Malaysian opposition leader Anwar Ibrahim’s daughter detained

Malaysian authorities launched sedition investigation after Nurul Izzah Anwar criticised the jailing of her father in parliament.

Nurul Izzah Anwar, the daughter of jailed Malaysian opposition leader Anwar Ibrahim. Mohammed Rafsan / AFP
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KUALA LUMPUR // Malaysian police arrested the eldest daughter of jailed opposition leader Anwar Ibrahim for alleged sedition on Monday, a move slammed by critics as a clampdown on dissent.

Nurul Izzah Anwar, 34, a member of parliament and a vice president of her father’s People’s Justice Party, confirmed her arrest by phone while in custody.

“I am extremely angry, and we all should be, because as parliament members we should be free to criticise the government of the day without reprisal,” said Ms Nurul Izzah, who also has led recent street rallies against Anwar’s conviction.

Ms Nurul Izzah has become the latest to be arrested in a sedition crackdown by Malaysia’s government that has seen dozens investigated, charged, or convicted over the past year, including several top opposition politicians.

She was to be detained overnight because of a speech she made last week in parliament, said Fahmi Fadzil, the party’s communications director.

Police did not specify which part of the speech – which questioned Anwar’s jailing – was seditious, and told Ms Nurul Izzah’s family that the detention was to facilitate investigations, Mr Fahmi said.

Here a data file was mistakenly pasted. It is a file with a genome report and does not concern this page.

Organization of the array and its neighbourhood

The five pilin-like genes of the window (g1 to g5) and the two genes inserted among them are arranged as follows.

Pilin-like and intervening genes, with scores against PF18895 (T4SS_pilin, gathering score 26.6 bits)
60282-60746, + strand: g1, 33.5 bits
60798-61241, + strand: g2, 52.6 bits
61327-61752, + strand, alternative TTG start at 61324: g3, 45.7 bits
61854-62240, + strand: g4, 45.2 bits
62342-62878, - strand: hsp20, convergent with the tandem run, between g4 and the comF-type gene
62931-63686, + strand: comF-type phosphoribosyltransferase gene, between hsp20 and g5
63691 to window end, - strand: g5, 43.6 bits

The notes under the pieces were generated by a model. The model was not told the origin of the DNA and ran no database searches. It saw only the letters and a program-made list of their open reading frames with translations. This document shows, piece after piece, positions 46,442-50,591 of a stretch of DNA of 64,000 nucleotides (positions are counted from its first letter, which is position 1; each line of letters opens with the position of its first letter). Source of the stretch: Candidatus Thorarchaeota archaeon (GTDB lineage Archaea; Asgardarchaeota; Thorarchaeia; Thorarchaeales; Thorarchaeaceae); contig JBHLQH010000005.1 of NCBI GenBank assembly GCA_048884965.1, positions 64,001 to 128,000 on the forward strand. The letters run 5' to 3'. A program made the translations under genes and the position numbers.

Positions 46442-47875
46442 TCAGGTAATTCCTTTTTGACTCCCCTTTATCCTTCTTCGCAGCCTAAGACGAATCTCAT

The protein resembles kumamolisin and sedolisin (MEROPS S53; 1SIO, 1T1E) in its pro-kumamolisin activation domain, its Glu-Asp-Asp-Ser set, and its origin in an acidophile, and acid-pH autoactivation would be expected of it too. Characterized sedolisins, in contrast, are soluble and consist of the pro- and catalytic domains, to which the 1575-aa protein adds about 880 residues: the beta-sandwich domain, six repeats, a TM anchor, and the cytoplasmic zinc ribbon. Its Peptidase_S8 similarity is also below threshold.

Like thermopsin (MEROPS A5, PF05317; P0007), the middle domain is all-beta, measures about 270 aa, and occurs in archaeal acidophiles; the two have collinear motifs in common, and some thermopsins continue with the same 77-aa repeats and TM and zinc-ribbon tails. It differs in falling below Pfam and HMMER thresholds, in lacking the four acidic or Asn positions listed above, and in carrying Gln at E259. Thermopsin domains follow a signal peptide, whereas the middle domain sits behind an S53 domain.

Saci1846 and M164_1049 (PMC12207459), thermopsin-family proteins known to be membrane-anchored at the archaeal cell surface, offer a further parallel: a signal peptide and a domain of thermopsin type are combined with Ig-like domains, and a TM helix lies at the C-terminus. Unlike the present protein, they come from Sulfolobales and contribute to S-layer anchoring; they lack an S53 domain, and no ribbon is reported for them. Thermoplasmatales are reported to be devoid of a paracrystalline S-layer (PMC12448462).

Mr Fahmi said the arrest was “ridiculous and outrageous”, noting that lawmakers have immunity over comments made in parliament.

He said the move was intended to silence the opposition after Anwar was jailed last month.

Anwar was convicted on February 10 of sodomising a former male aide in 2008 and sentenced to five years in jail.

Anwar has denied the charge and calls it a “political conspiracy” by the coalition in power since 1957, designed to thwart steady opposition gains in recent elections.

Ms Nurul Izzah last week read out in parliament portions of a statement by Anwar, now in prison, in which he questioned the independence of Malaysia’s judiciary.

Authorities have warned that criticising Anwar’s jailing could bring sedition charges, and a handful of critics have already been investigated or charged.

Anwar’s family condemned the arrest of Ms Nurul Izzah, saying it was “nothing short of intimidation and an abuse of power”.

Her sister said she went to police voluntarily to give a statement about an opposition rally she participated in earlier this month.

“We maintain that the arrest of our sister is illegal and unconstitutional. We deplore the glaring selective persecution,” Ms Nurul Nuha said, calling for her release.

Anwar’s arrest was widely seen at home and abroad as politically motivated to eliminate any threats to the ruling coalition, whose popularity has slowly been eroding since 2008 after more than five decades of unquestioned dominance.

Anwar and his three-member opposition alliance were seen as the most potent political threat to prime minister Najib Razak’s ruling coalition.

He led his oppostion alliance to unprecedented gains in the 2008 elections and made further inroads in 2013 polls. Mr Najib’s National Front coalition won with a slimmer majority and lost the popular vote to the opposition.

Human Rights Watch has criticised Malaysia for Ms Nurul Izzah’s arrest.

“Prime minister Najib needs to recognise that every sedition arrest of an opposition political leader is another step towards the destruction of rights-respecting democracy in Malaysia, and bring this campaign of abuse to an end,” Phil Robertson, the group’s deputy Asia director, said.

* Associated Press and Agence France-Presse